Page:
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    Importance: Preventing depression in older adults living in low- and middle-income countries is important because of the scarcity of treatment resources and the risk of disability, suicide, and dementia. Objective: To assess whether an intervention for depression prevention provided by lay counselors is effective in older adults from low- and middle-income countries. Design, Setting, and Participants: This parallel-group randomized clinical trial with masked outcome assessment was performed in 181 older adults (≥60 years) with subsyndromal depressive symptoms at rural and urban primary care clinics in Goa, India. The first participant entered the trial on March 31, 2015, and the last exited on June 2, 2017. Data analysis used the intention-to-treat approach. Interventions: Lay counselors provided problem-solving therapy, brief behavioral treatment for insomnia, education in self-care of common medical disorders such as diabetes, and assistance in accessing medical and social programs. Main Outcomes and Measures: The main outcome was incidence of major depressive episodes. The study also assessed symptom change during 12 months (12-item General Health Questionnaire [GHQ-12]; score range of 0 to 12, with higher scores indicating greater symptoms of depression and anxiety), functional status (World Health Organization Disability Assessment Schedule 2.0; score range of 12 to 60, with higher scores indicating greater disability), cognition (Hindi Mini-Mental State Examination; score range of 0 to 30, with higher scores indicating better cognitive functioning), blood pressure, and body mass index to provide further clinical context. Results: The study enrolled 181 participants (mean [SD] age, 69.6 [7.2] years; 114 [63.0%] female): 91 to the intervention arm (depression in later life [DIL] intervention) and 90 to care as usual (CAU). Incident episodes of major depression were lower in the DIL intervention than in the CAU group (4.40% vs 14.44%; log-rank P =.04; number needed to treat, 9.95; 95% CI, 5.12-182.43). The 12-month Kaplan-Meier estimates of percentage of depression-free participants were 95.1% (95% CI, 90.5%-99.9%) in the DIL group vs 87.4% (95% CI, 80.4%-95.1%) in the CAU group. The incidence of depressive symptoms (GHQ-12) was also less (12-month mean difference, -1.18; 95% CI, -2.03 to -0.31; group × time interaction P <.001). There were no changes in measures of disability or cognition. The DIL intervention was associated with a significantly greater lowering of systolic blood pressure (12-month mean difference, -6.98; 95% CI, -11.96 to -2.01; group × time interaction P <.001) and change in body mass index (12-month mean difference, 0.23; 95% CI, -0.97 to 1.43; P =.04). Conclusions and Relevance: The DIL intervention is effective for preventing episodes of major depression in older persons with subsyndromal symptoms. If replicated, the DIL intervention may be effective in older adults living in low- and middle-income countries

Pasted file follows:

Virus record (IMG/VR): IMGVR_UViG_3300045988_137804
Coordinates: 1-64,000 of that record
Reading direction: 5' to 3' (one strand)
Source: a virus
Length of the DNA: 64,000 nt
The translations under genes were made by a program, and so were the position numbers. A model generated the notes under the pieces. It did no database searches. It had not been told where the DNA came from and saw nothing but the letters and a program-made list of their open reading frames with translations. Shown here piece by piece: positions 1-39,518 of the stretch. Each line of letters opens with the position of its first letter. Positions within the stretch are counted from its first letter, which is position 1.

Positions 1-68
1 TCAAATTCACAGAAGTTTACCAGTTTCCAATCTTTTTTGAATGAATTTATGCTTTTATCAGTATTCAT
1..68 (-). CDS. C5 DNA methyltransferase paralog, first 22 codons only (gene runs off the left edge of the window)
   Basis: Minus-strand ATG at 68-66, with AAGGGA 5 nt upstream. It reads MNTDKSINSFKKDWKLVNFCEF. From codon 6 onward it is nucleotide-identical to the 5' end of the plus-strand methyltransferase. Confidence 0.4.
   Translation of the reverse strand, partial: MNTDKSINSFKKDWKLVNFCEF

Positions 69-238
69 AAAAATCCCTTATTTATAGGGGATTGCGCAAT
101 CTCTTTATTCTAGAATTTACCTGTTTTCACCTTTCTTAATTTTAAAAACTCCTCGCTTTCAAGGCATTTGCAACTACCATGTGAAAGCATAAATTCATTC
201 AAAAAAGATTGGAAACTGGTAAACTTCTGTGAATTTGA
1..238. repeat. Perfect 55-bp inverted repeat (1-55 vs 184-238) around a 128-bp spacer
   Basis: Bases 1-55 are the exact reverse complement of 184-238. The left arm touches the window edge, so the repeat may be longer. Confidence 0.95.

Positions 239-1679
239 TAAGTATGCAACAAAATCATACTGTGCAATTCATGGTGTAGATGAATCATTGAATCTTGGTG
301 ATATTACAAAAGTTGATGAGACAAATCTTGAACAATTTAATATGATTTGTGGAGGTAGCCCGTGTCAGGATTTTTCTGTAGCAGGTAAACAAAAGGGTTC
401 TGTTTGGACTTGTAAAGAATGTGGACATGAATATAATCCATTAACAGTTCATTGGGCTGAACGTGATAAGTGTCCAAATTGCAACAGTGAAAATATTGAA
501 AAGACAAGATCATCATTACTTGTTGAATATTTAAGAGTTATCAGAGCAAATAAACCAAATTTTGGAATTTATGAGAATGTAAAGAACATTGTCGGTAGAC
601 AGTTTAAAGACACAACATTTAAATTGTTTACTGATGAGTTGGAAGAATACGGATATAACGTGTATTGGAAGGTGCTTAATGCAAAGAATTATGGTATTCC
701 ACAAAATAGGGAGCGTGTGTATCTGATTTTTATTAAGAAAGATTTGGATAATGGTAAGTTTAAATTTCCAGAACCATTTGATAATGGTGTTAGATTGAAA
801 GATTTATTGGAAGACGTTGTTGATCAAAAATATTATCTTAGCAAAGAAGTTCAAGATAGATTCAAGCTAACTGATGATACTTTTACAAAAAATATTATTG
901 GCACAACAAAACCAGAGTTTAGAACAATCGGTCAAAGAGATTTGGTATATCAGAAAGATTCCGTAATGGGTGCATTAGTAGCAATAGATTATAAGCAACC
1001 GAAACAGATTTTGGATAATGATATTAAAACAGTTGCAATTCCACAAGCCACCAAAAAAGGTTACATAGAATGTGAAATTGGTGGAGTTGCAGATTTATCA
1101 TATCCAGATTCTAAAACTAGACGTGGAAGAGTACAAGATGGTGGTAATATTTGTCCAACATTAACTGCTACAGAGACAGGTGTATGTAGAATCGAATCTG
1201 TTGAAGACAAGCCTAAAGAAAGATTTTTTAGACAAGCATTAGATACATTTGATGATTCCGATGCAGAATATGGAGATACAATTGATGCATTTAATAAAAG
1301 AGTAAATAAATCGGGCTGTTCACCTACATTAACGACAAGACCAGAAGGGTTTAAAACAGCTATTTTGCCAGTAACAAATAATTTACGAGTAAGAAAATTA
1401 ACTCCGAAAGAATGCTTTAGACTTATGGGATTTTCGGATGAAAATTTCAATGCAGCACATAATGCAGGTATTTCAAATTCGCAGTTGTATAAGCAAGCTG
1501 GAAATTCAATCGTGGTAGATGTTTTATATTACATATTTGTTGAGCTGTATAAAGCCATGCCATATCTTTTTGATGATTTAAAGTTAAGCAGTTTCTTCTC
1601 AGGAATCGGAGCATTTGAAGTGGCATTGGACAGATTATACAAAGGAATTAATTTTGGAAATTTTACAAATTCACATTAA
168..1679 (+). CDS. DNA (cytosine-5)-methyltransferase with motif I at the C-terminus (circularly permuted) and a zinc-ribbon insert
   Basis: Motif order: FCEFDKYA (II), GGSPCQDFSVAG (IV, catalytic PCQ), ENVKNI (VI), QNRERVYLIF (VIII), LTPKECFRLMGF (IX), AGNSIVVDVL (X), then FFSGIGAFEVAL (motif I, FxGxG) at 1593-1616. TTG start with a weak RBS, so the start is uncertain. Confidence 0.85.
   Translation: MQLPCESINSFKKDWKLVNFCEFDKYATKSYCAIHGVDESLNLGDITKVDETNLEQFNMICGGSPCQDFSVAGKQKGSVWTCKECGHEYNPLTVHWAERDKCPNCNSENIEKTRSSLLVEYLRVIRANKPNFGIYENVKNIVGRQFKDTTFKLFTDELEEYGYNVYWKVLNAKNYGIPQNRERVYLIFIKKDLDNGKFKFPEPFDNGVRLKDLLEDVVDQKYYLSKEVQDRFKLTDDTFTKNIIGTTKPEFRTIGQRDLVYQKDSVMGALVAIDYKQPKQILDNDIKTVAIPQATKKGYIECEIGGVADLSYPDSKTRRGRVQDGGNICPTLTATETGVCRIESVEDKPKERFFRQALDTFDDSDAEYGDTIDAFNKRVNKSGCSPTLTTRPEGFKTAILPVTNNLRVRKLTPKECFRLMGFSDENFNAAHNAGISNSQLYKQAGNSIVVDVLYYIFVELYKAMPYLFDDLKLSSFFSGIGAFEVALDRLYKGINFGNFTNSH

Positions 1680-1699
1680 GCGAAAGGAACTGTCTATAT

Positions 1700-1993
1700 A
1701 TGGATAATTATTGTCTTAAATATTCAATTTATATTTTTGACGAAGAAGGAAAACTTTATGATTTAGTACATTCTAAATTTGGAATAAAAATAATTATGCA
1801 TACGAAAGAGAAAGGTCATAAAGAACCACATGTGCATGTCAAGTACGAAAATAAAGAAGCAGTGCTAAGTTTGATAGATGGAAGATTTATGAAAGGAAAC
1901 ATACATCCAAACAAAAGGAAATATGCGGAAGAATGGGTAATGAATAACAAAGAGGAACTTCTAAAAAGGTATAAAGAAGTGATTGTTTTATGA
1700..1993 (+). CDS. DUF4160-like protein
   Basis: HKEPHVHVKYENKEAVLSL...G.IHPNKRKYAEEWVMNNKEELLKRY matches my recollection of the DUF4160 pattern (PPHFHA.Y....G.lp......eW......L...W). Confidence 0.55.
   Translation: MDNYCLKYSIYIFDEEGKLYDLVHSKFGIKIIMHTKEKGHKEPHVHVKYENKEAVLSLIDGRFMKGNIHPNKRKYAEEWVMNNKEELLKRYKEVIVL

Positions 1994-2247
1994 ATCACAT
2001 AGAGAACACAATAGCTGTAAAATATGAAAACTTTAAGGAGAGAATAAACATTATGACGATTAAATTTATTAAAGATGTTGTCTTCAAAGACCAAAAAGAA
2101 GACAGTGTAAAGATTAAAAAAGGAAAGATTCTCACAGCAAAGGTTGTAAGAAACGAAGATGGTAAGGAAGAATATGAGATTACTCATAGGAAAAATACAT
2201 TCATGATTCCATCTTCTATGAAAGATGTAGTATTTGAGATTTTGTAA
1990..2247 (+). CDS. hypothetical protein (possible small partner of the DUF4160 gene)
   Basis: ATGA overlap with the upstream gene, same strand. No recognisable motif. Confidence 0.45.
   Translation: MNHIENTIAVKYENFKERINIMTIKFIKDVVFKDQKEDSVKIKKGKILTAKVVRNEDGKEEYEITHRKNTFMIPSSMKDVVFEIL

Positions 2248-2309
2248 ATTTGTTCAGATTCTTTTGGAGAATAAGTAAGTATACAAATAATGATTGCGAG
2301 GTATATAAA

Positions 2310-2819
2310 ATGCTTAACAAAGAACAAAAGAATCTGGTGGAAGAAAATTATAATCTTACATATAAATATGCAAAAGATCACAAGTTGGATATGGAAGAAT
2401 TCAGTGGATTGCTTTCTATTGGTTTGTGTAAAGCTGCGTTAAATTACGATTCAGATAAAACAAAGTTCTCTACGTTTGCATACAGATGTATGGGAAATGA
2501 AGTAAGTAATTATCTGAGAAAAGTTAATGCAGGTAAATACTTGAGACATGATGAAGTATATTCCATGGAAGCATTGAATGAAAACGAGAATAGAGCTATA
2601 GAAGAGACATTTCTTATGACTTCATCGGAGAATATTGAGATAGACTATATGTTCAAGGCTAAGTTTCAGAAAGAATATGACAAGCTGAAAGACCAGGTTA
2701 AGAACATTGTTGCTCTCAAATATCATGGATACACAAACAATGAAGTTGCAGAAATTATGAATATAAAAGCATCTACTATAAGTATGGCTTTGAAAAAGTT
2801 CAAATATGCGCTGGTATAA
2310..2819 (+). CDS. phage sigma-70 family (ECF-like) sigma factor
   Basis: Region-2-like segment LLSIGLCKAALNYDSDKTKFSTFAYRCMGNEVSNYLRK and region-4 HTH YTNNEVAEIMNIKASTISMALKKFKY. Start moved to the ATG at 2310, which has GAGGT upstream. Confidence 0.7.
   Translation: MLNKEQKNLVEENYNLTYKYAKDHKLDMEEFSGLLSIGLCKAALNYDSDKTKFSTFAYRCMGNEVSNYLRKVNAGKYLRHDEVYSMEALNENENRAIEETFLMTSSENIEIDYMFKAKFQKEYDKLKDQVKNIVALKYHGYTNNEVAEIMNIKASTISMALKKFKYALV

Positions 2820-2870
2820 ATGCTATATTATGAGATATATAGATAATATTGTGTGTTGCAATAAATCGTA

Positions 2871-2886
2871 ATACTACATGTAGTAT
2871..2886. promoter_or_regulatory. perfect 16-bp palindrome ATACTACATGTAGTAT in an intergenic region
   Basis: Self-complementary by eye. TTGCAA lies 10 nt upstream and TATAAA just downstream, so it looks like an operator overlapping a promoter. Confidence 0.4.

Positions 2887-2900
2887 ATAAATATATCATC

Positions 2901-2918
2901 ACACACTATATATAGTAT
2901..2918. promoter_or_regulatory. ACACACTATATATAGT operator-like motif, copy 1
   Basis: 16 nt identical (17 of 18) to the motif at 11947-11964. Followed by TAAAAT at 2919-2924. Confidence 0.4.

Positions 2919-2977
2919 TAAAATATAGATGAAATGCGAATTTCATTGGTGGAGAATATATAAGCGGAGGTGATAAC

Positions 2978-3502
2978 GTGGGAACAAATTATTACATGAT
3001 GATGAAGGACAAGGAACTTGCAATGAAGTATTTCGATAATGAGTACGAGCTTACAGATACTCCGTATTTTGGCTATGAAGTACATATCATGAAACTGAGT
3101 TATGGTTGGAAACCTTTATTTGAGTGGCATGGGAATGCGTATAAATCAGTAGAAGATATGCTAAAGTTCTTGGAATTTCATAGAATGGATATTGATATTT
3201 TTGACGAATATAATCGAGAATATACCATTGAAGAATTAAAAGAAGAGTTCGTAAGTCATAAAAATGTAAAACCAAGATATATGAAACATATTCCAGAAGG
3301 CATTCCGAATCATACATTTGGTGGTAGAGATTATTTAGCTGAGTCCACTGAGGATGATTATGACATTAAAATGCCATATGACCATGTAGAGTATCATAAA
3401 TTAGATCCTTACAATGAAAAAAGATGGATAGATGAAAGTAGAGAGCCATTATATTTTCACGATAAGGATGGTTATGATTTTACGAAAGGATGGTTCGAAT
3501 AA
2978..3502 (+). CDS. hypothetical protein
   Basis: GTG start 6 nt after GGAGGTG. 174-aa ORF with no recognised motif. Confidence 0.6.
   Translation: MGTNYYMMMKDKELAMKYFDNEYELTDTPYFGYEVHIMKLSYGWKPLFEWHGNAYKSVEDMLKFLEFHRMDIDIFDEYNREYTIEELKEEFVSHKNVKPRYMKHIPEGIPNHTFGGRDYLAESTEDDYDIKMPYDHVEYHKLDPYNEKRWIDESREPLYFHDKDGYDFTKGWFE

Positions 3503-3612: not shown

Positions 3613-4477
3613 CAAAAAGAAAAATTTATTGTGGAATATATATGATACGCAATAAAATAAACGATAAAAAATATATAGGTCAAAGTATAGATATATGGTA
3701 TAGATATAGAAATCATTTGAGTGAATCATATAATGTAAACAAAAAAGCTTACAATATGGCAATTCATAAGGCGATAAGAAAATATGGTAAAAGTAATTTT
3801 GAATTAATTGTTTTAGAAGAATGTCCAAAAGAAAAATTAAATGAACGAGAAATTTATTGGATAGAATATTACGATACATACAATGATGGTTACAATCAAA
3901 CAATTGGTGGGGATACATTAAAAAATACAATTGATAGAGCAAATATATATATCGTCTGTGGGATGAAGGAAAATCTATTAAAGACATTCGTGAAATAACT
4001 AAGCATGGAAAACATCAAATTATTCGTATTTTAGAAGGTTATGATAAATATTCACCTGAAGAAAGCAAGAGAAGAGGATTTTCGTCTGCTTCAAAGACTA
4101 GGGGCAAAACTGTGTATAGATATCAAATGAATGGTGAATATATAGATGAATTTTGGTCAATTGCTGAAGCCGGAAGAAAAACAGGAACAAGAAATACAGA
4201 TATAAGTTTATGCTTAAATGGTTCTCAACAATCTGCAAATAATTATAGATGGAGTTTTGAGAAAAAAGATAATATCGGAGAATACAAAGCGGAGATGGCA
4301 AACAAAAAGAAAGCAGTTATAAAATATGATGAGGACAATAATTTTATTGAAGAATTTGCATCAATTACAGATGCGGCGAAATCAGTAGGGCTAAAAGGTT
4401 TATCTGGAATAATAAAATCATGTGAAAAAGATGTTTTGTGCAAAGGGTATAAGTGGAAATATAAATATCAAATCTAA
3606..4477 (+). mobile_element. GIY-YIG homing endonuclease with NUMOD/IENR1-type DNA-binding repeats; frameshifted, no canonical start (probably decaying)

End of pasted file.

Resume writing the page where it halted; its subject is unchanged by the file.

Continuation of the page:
What aspects of periods are most bothersome for women reporting heavy menstrual bleeding? Community survey and qualitative study